So after reading the Chronicle's much better summation (see the link in the post below) of up and coming aperitifs, I was motivated to try the Vesper #2 that Heaven's Dog has added to their cocktail menu - without actually driving up to Heaven's Dog. I already had a bottle of the Cocchi and some brandy at home, but I needed a bottle of the Ransom Old Tom gin - something we carry, but that I had never actually tasted. It's made in Oregon and is barrel aged with just a touch of sweetness - more so than the Heyman's which I had just run out of. Upon tasting the Ransom I was very impressed. It was more what I had originally expected Old Tom gin to taste like.
If you're wondering what Old Tom gin is exactly, it's a style not a brand. London Dry gin is called dry to distinguish it from slightly sweet gins. Old Tom gins are always a bit sweet as they were the original ingredient in the Tom Collins. From Wikipedia: The name purportedly came from wooden plaques shaped like a black cat (an "Old Tom") mounted on the outside wall of some pubs above a public walkway in the 1700s England. After a pedestrian deposited a penny in the cat's mouth, they would place their lips around a small tube between the cat's paws. From the tube would come a shot of Gin, poured there by the bartender inside the pub. They mix better than dry gins with sweeter cocktails like the Martinez or the Negroni. The Vesper, however, sees no addition of sweet vermouth, so it's interesting that HD decided to go down that route. I see the merit in this cocktail however and after getting a tip on what the basic formula should be I was ready to get down to business.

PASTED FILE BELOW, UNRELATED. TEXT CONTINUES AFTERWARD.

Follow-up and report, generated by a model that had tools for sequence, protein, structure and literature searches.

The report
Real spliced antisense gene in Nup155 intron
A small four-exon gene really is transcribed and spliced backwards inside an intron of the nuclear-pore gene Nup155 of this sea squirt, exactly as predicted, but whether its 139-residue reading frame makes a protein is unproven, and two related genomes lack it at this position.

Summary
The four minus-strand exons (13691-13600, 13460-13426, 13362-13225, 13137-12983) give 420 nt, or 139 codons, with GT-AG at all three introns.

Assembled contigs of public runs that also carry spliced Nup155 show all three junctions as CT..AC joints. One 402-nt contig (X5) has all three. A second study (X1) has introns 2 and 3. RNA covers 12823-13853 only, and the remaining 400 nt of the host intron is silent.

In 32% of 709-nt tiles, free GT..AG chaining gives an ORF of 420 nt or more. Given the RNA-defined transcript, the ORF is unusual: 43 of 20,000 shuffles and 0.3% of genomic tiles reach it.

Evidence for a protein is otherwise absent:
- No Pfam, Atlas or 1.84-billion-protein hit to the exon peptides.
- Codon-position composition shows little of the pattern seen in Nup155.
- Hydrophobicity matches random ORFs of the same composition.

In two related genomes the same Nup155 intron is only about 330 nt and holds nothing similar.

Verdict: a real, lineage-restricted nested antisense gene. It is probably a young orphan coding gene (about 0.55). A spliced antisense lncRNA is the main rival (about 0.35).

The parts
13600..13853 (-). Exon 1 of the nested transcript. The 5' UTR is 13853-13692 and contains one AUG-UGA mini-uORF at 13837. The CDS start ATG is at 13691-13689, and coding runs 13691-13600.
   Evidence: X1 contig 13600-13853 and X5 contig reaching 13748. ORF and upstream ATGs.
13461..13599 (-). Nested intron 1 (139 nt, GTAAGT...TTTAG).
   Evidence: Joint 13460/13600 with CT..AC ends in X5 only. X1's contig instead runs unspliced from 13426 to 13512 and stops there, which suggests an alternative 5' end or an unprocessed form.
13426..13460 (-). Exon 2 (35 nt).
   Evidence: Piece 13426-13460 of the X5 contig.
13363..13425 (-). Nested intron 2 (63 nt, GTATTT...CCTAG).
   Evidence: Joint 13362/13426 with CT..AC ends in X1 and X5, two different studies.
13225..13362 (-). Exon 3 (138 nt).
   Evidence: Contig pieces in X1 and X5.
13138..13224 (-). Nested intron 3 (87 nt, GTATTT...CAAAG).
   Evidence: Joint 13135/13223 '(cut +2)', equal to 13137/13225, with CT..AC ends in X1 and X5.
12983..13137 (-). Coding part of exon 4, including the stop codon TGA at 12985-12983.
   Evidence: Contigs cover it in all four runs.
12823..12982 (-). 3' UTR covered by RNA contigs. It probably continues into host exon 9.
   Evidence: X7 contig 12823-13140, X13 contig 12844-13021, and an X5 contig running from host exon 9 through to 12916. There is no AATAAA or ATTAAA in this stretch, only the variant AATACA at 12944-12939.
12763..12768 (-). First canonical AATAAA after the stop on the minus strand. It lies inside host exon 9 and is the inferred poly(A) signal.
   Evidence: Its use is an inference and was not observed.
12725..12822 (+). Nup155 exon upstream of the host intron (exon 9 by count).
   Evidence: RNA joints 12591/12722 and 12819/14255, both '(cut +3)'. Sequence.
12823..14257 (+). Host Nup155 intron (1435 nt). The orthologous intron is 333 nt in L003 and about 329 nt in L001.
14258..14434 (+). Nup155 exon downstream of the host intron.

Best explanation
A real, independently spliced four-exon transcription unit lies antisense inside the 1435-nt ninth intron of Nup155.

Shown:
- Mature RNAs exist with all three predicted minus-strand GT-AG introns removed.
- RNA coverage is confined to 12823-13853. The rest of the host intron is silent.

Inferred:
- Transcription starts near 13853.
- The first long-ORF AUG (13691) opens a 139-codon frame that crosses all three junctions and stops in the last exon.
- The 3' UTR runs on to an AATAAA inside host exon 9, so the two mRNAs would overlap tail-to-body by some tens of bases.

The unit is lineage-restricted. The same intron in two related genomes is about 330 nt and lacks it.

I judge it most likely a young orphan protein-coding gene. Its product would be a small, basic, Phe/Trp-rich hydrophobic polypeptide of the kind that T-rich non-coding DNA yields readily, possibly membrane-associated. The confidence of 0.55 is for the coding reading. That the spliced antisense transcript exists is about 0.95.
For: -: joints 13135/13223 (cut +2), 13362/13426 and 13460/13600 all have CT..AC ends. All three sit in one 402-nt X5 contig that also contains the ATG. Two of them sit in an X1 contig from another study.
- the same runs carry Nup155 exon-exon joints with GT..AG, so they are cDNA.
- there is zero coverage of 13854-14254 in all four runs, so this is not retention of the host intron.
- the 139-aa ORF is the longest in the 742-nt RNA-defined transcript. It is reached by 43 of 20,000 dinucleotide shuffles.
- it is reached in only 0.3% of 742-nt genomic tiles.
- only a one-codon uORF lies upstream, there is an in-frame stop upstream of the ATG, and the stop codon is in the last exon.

I tried to follow the classic cocktail mentality that your drink should always be at least 50% of its base - so:
1 oz. gin - .5 oz Cocchi - .5 oz. brandy - this tasted OK, but the Cognac overpowered.
I decided to beef it up a bit on the Cocchi and rather than decrease the brandy, I added more gin - that's the sweet spot!
What a fantastic cocktail. You get all the herbacious qualities of the gin, the bitter notes from the Cocchi, and the brandy just helps to smooth it out a bit. This is what James Bond wished he would have ordered in Casino Royal, rather than some bizzare vodka/gin/kina Lillet martini.